After this stanza Geddy Lee literally wails and Neil's drums pound an angry beat and the sparseness gives way to an angry growing complexity to mirror the incitement of the mob. The building and increasingly complex and fitful music gives way to the mob's self justification in the next set of lyrics.
The righteous rise with burning eyes of hatred and ill will. Madmen fed on fear and lies to beat and burn and kill.
I really love the wording of "madmen fed on fear and lies to beat and burn and kill". There is literally only one multi-syllable word in that stanza but it conveys a building level of violence. Beat then burn then kill. A mob building in intensity, hatred, and violence. Then we get their self justification as the music levels out for a moment.
They say there are strangers who threaten us in our immigrants and infidels. They say there is strangeness too dangerous in our theaters and bookstore shelves.
The lyrics in this stanza are a little difficult to unpack. Worded this way it takes a bit of deciphering but the mob leaders or the mob themselves are telling us there are strangers who are a danger to us with their ideas. Here in 2016 with the Syrian immigrants in Europe and the long term Mexican immigration into the United States how many times have we heard the pundits play on these fears? I really like the fact that Neil weaves into the lyrics that it's the new and strange ideas that are the most dangerous thing about these "immigrants" and "infidels" which are threatening us through way of our "theaters" and "bookstore shelves". Today it would have been our websites and social media. Then comes the most chilling and dangerous line of the song.
Those who know what's best for us must rise and save us from ourselves.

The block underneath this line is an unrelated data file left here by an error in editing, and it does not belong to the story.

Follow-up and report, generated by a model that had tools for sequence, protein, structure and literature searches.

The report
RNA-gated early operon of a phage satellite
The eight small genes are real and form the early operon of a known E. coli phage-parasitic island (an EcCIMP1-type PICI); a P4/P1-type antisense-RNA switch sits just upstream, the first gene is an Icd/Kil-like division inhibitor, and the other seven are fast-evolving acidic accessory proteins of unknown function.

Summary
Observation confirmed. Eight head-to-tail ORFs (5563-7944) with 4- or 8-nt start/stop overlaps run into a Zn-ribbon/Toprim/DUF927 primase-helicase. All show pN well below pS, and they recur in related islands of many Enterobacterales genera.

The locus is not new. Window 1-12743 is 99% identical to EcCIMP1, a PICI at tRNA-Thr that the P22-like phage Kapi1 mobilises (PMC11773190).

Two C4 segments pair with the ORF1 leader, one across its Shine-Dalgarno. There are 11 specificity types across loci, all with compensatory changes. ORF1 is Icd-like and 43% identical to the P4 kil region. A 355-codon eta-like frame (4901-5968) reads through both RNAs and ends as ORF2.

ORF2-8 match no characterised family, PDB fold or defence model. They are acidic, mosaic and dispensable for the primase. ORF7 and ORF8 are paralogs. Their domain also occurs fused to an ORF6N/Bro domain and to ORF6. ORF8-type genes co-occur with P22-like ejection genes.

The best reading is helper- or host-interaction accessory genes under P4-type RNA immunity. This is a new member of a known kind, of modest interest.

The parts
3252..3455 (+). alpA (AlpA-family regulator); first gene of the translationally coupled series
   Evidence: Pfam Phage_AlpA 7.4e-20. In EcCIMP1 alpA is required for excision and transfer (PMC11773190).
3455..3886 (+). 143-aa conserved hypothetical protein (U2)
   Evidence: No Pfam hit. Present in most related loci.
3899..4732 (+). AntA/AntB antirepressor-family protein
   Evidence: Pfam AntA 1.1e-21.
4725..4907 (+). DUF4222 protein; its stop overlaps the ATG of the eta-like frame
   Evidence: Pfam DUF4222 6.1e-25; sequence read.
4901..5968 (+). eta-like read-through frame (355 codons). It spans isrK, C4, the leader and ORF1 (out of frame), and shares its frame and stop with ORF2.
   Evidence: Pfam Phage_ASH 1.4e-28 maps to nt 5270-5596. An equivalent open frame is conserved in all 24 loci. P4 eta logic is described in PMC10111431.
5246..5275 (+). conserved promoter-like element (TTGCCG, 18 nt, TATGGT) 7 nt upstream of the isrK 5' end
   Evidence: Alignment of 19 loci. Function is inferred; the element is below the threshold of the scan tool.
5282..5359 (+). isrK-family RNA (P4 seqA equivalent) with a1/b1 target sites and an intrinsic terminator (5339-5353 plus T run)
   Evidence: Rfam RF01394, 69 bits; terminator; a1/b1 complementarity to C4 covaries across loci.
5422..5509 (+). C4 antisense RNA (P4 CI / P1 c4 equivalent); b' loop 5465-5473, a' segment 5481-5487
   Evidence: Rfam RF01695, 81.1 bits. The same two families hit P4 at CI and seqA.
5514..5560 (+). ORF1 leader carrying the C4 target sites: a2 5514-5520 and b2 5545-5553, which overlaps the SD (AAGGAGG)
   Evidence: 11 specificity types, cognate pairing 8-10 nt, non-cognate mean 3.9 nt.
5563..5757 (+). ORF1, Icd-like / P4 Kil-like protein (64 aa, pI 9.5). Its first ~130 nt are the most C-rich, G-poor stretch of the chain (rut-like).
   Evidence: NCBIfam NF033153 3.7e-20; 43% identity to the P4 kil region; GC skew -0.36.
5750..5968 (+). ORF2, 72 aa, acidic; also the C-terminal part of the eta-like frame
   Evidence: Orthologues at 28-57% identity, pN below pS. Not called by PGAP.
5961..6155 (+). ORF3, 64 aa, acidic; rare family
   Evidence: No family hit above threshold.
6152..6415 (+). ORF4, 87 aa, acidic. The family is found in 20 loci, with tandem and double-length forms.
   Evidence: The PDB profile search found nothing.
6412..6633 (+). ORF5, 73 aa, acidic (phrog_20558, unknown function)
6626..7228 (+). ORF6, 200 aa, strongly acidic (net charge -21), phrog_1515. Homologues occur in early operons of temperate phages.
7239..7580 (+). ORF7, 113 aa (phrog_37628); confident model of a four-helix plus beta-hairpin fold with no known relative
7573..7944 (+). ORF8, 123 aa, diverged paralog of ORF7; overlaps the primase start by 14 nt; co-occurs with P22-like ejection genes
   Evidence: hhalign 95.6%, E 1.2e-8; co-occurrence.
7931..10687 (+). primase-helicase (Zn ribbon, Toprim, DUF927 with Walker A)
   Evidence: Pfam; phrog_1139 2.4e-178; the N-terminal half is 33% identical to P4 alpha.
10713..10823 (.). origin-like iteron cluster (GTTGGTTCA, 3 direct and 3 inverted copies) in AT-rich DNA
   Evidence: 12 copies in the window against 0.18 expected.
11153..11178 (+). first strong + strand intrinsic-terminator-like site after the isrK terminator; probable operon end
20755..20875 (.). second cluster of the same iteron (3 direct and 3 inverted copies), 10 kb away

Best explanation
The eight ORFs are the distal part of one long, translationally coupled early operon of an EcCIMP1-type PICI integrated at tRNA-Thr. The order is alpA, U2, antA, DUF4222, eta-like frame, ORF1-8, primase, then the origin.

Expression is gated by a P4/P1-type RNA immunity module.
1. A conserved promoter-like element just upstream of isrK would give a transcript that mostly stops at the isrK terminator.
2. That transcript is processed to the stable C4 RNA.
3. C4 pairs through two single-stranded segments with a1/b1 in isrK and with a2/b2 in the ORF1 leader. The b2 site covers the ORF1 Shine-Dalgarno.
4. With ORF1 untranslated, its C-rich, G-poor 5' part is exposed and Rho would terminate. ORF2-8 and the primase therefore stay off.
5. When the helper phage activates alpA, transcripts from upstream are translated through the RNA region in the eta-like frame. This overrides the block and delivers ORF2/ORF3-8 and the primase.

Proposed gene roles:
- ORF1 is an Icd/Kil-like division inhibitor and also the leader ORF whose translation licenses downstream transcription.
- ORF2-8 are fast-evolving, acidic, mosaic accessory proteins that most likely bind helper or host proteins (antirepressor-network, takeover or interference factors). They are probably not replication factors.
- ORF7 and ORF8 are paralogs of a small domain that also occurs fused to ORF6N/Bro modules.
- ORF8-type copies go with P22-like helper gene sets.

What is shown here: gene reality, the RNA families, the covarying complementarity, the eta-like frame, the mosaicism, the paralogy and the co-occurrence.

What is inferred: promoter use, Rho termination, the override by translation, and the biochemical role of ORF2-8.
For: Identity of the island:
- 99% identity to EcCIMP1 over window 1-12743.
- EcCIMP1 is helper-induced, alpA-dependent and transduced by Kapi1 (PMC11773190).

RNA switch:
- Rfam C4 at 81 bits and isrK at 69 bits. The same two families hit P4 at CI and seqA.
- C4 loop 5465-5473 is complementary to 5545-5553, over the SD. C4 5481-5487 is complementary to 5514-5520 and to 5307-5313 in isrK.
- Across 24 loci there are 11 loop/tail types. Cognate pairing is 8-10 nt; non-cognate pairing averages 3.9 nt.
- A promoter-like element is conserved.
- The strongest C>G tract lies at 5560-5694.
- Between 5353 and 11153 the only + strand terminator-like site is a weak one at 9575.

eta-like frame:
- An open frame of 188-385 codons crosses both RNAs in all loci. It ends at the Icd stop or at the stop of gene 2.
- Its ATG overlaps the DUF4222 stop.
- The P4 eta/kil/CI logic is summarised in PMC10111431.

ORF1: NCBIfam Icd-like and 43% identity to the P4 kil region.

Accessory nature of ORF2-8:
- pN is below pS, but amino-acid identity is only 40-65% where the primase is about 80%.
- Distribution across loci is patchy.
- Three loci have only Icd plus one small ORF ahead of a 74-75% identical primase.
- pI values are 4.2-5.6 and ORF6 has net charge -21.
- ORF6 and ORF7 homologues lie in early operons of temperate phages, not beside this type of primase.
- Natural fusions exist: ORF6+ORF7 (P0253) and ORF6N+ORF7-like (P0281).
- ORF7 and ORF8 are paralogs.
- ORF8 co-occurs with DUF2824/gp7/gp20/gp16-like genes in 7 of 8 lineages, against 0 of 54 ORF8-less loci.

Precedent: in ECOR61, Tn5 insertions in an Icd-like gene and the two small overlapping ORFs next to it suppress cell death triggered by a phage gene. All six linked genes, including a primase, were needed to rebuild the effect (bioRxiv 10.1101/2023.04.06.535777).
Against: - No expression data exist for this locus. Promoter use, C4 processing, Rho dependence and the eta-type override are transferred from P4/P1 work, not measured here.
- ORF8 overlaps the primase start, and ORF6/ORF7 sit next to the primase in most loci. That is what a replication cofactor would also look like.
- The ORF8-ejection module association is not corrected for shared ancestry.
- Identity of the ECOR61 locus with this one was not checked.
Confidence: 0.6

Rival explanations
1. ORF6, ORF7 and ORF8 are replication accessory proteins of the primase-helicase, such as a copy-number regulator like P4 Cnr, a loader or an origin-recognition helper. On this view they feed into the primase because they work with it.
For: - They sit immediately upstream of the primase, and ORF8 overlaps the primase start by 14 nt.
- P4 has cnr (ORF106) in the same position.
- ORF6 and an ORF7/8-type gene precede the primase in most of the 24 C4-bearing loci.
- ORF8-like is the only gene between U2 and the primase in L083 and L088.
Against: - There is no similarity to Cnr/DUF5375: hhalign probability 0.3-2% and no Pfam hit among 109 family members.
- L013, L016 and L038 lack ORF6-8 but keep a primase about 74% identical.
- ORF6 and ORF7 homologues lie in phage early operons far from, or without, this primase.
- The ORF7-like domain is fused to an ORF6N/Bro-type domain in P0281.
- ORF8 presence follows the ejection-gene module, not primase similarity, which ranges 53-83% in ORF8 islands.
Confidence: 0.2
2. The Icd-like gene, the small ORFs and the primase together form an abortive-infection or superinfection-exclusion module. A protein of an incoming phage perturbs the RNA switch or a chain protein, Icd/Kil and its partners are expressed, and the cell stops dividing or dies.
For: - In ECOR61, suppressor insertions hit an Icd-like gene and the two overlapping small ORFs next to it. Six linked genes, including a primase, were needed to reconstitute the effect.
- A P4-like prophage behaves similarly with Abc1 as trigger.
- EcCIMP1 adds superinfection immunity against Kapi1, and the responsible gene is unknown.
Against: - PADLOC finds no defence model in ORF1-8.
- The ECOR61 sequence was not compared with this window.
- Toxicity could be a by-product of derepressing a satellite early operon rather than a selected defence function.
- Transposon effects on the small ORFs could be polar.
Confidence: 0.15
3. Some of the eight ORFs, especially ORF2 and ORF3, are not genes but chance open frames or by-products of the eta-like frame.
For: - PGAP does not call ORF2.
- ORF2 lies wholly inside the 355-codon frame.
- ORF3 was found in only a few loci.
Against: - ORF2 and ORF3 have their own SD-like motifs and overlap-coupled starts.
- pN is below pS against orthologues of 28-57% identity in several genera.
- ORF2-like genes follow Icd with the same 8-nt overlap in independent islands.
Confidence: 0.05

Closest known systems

How many thousands of lives have been taken over the millennium by those who are saving us from ourselves? Is there a more frightening thought than this?
But then when the anger has peaked the music backs down to a lighter tone and Neil Peart leaves us, not with the mob and their righteous indignation, but with a philosophical thought instead to put it all into context as the music gets less angry but remains complex, especially in Neil's ridiculously complex run on the toms.
Quick to judge, quick to anger, slow to understand. Ignorance and prejudice and fear walk hand in hand.
Neil is having a little fun here misquoting the Bible specifically James 1:19. I say having fun because he is calling out the hypocrisy of those who would stand on the Bible to justify the mob hatred toward witches... or immigrants... or infidels... or extrapolate that out to 2016 and add homosexual or race or whatever the latest "scary" thing it. The Apostle James actually says "Everyone should be quick to listen, slow to speak, and slow to anger" but Neil shows us the righteous mob is hearing this as "quick to judge, quick to anger, and slow to understand." I love that. It really is Peart at his best. Then he wraps up the lyrics with the wise observation that "ignorance and prejudice and fear walk hand in hand." The music then solidly wraps up with everything being said that needed to be said.
Really, the perfect song for making this point and a vastly underrated classic.
Here is the studio version mixed perfectly- https://www.youtube.com/watch?v=_MWzDKE4zbY
Here is a live version from 1984 I really enjoy- https://www.youtube.com/watch?v=FbNPhNuMDJM
Here is a quote from Neil Peart about the song from the song's Wikipedia page.
The idea for the trilogy was suggested by an older man telling that he didn't think life was ruled by love, or reason, or money, or the pursuit of happiness -- but by fear. This smart-but-cynical guy's position was that most people's actions are motivated by fear of being hungry, fear of being hurt, fear of being alone, fear of being robbed, etc., and that people don't make choices based on hope that something good will happen, but in fear that something bad will happen.
I reacted to this the way all of us tend to react to generalities: 'Well, I'm not like that!' But then I started thinking about it more, watching the way people around me behaved, and I soon realized that there was something to this viewpoint, So I sketched out the three 'theaters of fear,' as I saw them: how fear works inside us ("The Enemy Within"), how fear is used against us ("The Weapon"), and how fear feeds the mob mentality ("Witch Hunt").
As it happened, the last theme was easiest to deal with, so it was written first, and consequently appeared first on record, and the other two followed in reverse order for the same reason.